- Farmers charge more for high-protein wheat after rain damage
- Ukrainian prices also climbed, while French wheat declined
Russian wheat prices extended a rebound, capping the best run since April, as farmers charged more for high-protein grain after rains damaged crops there and in major competitor France.
Wheat for loading at Black Sea ports rose 1.2 percent from a week earlier to $170 a metric ton as of Friday, Dmitry Rylko, director general of Moscow-based Institute for Agricultural Market Studies, or Ikar, said by phone. The price, up for a fourth week, is for wheat with protein content of 12.5 percent.
Farmers are seeking higher prices after rains this year hurt crop quality in France, the European Union’s biggest grower, and the world’s top supplier Russia, Rylko said. That helped Russian export prices rebound after slumping to the lowest in at least six years amid an outlook for a record harvest.
“Considering the situation on the market, sellers aren’t hurrying to part with high-protein wheat and will continue to hold on to it,” Daniil Tikhonov, a grain trader at St. Petersburg-based Artis-Agro Export, said by phone. “They will prefer to sell the lower-quality wheat first.”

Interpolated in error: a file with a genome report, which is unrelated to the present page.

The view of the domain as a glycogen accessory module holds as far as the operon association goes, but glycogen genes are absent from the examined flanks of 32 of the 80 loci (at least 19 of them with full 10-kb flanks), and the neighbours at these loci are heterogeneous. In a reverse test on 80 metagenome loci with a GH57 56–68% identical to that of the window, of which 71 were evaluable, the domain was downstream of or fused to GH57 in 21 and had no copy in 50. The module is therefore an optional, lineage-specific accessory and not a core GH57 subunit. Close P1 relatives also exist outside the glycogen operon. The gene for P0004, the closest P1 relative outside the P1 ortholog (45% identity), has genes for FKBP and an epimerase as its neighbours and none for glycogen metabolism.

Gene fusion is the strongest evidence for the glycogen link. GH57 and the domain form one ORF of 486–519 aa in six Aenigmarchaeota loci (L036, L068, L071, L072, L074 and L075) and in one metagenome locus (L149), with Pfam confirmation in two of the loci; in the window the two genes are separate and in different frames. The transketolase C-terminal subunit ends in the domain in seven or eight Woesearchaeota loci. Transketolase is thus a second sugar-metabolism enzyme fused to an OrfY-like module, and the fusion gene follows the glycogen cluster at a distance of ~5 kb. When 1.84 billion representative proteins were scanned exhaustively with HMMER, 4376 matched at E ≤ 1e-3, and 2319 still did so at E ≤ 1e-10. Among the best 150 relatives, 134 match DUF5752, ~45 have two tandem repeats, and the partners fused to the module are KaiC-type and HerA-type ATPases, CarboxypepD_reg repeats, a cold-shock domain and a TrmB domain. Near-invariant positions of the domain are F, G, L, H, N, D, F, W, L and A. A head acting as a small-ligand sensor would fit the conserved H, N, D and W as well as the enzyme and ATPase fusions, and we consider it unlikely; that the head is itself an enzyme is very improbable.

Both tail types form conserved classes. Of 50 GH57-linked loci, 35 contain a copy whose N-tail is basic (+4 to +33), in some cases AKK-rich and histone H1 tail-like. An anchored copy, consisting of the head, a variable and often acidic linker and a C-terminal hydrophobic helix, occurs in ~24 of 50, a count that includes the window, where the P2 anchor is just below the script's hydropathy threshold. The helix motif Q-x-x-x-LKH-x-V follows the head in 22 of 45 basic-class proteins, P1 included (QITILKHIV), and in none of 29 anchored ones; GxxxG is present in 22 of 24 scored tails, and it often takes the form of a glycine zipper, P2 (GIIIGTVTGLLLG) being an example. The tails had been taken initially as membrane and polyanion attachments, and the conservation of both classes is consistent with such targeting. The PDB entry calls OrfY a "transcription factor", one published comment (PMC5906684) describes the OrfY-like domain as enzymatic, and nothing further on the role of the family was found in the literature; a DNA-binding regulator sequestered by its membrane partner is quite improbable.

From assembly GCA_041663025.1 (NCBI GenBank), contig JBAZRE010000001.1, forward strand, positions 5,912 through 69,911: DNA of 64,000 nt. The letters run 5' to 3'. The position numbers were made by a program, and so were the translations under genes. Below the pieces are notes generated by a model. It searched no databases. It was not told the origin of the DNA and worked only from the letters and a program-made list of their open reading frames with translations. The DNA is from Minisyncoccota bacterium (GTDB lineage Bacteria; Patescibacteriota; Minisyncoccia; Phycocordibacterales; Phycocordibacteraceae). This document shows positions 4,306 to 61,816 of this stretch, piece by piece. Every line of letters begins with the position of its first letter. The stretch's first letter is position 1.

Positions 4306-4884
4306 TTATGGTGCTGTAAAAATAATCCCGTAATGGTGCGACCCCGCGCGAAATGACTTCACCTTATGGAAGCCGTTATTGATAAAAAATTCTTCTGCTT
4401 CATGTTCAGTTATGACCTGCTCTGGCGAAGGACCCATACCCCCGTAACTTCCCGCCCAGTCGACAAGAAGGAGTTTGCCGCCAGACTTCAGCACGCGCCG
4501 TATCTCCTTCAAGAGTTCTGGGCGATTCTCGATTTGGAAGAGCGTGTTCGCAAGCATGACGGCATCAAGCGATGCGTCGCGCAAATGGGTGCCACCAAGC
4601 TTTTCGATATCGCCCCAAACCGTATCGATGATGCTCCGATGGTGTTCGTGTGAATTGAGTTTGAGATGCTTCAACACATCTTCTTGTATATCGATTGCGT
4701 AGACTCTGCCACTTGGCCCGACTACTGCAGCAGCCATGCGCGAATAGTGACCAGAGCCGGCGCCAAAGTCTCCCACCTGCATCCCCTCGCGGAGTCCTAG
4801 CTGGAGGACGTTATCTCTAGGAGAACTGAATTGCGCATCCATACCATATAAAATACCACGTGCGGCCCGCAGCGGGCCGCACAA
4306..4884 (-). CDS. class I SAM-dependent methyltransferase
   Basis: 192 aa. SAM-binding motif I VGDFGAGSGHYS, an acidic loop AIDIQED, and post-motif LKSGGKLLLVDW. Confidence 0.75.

SovEcon pegged last week’s price at $175, up $4.50 from a week earlier, the Moscow-based consultant said in an e-mailed note. Demand for Russian and Ukrainian wheat is “quite active” amid concern about crops in western Europe, it said.
Still, Russian sales may increase so farmers can finance planting and free up space to store other crops, SovEcon said. The nation has already begun sunflower harvesting, the Agriculture Ministry said on Monday.
Russia is deliberating whether to suspend its wheat-export tax for the rest of the season, with an Agriculture Ministry official confirming last week that the ministry had sent such a proposal to the Cabinet. He didn’t say when the decision on the levy, designed to keep down domestic prices, may be made.
In Ukraine, prices for wheat with 12.5 percent protein content rose 1.2 percent from a week earlier to $172.5 a ton as of Thursday, also climbing for a fourth week, according to Kiev-based UkrAgroConsult. Prices from the Russian and Ukrainian research companies are on a free-on-board basis.
Wheat for delivery at the French port of Rouen with a minimum 11 percent protein content fell 1.8 percent last week to 166.73 euros ($188.79) a ton, according to data from FranceAgriMer. That was the first weekly decline in three weeks.
Just 33 percent of French soft wheat was in good or very good condition as of Aug. 15, unchanged from a week earlier, according to FranceAgriMer. The country’s farmers had almost completed harvesting, the crop office said.